Indonesian president Abdur Rahman Wahid raised eyebrows on December 4 when he told his new economic affairs commission that Israel had agreed to invest $200 million in Indonesia.
He was quoted in the Jakarta Post as saying: “I told them, and they themselves agreed, not to directly invest but rather do it through a third party. They agreed to do it through a Dutch or US company.”
Wahid had previously expressed support for commercial links with the zionist state, although not diplomatic relations, but no-one had expected that an agreement would be reached so quickly. It was probably done when he visited Washington last month.
However, Wahid got in trouble for telling the Far Eastern Economic Review that Malaysian prime minister Mahathir Mohamad had asked him to foster closer ties with Israel. The Malaysian government strongly denied the report, saying that “Malaysia’s position is clear: we have no intention of establioshing diplomatic or commercial ties with Israel.”
However, a Malaysian commentator said that the allegation rang true. “Malaysia has encouraged sporting and other links with Israel. Probably the only difference is that Wahid is naive enough to admit his plans, despite the precaution of routing the funds through a US or Dutch company.”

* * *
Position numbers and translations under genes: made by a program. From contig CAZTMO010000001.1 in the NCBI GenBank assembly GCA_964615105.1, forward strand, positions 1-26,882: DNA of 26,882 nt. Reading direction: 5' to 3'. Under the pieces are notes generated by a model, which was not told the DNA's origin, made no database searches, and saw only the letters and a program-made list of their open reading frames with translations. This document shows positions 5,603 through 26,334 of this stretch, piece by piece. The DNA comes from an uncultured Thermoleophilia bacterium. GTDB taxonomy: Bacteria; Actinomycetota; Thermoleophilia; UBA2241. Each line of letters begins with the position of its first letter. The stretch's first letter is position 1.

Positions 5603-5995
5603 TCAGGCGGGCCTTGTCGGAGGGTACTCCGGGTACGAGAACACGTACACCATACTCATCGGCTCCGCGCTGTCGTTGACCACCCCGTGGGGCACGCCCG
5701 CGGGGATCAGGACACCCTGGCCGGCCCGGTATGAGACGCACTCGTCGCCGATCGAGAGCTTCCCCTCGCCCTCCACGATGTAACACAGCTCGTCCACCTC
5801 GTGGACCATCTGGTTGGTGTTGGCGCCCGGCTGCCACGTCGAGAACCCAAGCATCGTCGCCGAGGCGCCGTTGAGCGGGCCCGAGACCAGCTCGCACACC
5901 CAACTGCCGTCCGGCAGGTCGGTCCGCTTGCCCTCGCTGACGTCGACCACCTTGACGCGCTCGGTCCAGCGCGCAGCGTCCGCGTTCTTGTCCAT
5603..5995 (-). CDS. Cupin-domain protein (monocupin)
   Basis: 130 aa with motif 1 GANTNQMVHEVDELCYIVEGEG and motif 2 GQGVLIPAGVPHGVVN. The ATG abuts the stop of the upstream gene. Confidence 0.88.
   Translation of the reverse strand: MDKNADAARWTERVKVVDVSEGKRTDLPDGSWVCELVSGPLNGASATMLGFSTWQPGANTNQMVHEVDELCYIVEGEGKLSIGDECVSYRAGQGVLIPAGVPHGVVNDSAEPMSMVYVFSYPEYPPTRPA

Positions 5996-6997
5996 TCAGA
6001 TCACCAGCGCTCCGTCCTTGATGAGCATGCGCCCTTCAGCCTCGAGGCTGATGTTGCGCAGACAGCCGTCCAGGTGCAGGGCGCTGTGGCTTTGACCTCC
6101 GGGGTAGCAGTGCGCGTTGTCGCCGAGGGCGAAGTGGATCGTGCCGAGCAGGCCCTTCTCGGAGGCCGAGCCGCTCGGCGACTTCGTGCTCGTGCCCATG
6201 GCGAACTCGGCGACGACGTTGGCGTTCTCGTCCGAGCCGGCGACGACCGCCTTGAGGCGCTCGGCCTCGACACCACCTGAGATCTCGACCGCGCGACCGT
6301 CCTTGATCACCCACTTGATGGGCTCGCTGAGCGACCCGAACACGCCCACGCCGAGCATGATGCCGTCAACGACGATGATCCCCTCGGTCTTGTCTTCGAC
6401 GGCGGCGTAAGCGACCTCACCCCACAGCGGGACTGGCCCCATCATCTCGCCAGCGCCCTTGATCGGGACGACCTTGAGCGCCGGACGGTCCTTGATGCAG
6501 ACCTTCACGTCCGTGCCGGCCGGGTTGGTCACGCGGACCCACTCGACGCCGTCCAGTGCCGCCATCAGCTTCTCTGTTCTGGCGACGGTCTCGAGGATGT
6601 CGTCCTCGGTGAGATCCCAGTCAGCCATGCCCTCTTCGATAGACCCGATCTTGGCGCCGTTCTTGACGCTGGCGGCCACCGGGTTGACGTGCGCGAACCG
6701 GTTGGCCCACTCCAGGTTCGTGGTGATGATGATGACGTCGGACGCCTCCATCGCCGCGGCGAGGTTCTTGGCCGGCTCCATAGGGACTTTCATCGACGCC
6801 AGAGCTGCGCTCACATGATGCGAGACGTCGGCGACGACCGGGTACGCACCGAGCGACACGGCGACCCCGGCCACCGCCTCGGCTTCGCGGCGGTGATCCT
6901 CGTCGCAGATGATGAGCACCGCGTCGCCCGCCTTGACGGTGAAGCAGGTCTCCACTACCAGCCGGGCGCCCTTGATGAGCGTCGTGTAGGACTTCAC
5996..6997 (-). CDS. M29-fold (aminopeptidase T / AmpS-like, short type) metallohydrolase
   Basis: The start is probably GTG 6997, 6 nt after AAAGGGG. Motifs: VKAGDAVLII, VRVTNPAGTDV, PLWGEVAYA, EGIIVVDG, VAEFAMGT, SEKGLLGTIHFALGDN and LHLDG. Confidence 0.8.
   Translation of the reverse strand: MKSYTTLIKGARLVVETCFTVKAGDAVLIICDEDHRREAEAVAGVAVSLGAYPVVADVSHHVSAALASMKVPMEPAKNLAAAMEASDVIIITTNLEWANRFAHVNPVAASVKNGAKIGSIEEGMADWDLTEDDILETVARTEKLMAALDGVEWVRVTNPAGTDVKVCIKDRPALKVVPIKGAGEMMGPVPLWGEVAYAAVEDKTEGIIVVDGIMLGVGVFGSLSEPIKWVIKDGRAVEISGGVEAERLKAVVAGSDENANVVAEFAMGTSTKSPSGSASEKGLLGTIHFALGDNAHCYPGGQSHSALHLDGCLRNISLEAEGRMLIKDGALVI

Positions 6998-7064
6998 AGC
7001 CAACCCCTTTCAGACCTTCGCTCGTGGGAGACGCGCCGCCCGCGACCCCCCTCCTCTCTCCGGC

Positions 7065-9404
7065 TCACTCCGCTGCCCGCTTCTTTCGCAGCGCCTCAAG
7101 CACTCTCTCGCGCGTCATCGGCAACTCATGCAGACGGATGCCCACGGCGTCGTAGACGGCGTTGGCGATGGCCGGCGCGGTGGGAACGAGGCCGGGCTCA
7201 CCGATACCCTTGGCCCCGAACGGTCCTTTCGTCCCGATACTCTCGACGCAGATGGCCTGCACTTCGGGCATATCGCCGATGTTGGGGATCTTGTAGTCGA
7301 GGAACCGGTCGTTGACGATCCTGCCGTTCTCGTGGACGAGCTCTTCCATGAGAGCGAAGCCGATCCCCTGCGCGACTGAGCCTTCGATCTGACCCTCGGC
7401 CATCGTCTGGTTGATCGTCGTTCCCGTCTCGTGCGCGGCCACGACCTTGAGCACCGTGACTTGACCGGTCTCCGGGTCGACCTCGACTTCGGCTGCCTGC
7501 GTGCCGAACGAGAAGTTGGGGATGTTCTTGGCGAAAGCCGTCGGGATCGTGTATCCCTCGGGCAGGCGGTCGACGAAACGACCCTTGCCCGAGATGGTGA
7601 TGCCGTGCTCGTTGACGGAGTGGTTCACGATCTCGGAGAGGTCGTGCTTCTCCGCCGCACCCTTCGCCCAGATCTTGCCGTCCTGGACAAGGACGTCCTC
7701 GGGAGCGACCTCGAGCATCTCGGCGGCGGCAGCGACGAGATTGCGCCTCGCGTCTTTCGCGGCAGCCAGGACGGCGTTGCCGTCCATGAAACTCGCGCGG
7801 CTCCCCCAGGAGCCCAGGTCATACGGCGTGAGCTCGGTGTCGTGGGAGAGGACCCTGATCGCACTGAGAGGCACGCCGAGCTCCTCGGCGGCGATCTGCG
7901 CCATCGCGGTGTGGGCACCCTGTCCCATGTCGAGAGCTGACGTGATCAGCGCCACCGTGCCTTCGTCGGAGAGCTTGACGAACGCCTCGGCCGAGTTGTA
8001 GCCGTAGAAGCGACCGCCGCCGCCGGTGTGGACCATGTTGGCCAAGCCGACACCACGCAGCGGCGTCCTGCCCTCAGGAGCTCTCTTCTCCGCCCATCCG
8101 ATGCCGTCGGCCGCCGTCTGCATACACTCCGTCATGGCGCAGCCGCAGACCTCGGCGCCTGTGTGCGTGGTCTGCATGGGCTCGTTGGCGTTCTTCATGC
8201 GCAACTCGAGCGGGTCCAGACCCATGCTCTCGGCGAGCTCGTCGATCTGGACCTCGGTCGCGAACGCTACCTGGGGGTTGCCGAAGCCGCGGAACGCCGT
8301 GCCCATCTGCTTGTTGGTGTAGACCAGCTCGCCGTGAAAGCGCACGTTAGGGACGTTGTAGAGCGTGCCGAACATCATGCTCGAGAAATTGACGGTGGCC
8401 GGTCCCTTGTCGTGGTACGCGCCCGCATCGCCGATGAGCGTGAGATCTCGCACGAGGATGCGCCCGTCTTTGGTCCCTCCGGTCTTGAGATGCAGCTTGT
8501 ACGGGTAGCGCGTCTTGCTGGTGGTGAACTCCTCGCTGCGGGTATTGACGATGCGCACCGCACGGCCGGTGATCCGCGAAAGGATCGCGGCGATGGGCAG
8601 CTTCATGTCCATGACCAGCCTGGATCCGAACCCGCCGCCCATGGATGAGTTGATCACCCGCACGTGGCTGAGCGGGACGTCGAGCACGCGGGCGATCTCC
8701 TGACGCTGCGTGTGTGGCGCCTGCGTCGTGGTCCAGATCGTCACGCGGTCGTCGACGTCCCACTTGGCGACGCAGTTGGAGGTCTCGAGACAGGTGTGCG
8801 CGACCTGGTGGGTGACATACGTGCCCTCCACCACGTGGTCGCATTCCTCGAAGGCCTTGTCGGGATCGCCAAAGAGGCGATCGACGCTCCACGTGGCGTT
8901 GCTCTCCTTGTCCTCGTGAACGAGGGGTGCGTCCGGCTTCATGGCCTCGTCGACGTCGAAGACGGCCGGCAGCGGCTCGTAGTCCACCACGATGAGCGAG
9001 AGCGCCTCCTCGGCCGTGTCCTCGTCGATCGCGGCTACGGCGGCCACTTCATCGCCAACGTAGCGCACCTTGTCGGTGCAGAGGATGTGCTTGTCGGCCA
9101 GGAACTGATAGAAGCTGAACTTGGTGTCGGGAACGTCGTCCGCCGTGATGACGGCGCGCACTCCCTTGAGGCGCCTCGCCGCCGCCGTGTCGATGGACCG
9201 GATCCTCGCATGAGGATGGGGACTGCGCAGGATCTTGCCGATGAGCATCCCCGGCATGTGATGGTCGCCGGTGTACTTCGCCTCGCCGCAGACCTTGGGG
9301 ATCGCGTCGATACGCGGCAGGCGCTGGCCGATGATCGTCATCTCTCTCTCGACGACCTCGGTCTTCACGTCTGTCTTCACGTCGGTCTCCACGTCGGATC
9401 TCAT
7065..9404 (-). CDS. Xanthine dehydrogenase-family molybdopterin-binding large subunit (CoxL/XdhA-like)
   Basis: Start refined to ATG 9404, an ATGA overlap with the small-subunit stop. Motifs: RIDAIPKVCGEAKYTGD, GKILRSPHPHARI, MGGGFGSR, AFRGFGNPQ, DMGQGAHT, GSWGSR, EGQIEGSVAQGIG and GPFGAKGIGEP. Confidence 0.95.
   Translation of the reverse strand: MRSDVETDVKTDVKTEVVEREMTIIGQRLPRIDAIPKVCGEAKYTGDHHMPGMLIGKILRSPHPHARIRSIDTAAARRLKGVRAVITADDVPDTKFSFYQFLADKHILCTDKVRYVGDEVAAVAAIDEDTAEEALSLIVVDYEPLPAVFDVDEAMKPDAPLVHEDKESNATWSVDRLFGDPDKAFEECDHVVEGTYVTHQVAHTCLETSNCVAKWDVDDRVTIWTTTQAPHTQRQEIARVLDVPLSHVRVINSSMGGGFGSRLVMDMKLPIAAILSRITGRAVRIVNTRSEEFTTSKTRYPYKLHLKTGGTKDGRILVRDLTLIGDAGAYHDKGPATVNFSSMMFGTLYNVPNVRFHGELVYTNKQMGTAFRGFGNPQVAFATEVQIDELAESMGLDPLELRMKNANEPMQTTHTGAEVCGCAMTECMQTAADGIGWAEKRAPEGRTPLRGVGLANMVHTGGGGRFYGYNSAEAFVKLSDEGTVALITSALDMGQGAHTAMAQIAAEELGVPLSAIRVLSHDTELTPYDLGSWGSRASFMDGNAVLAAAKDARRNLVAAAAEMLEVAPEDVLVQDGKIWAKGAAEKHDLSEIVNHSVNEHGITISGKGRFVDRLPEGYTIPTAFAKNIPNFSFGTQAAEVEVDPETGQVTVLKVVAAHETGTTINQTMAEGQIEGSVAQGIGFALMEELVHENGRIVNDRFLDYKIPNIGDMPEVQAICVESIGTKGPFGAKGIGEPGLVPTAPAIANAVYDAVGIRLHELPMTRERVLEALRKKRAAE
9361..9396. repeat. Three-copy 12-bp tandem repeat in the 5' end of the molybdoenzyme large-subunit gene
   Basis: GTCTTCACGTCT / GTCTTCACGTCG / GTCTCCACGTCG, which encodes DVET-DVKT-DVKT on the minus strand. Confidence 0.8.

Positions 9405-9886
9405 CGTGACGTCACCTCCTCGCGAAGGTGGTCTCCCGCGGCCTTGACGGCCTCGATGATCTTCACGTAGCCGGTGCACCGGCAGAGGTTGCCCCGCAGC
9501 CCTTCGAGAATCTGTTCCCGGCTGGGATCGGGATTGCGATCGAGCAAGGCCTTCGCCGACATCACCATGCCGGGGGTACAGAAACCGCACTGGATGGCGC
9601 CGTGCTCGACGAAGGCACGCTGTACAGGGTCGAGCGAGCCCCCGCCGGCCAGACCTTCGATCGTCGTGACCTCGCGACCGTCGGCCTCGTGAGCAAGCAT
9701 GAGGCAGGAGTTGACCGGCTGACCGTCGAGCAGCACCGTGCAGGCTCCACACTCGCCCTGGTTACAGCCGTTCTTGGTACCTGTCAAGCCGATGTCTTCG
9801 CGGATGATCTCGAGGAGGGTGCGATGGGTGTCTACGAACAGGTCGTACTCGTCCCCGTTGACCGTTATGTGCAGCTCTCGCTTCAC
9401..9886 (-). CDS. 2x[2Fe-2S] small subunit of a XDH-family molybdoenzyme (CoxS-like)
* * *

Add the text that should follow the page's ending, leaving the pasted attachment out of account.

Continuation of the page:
Abdur Rahman Wahid has long been regarded by some as a opportunist, whose Islamic credentials are largely sham. He failed to graduate from Al-Azhar, where he was known for his fondness for western films, particularly French ones.
He also likes western music, dancing and night-life; he celebrated his election as head of Indonesia’s Nahdhatul Ulama with a party at Casablanca, a well-known Jakarta nightclub; some of his guests were so shocked that they left early. Muslims should expect little from him; even then they might be disappointed.
Muslimedia: December 16-31, 1999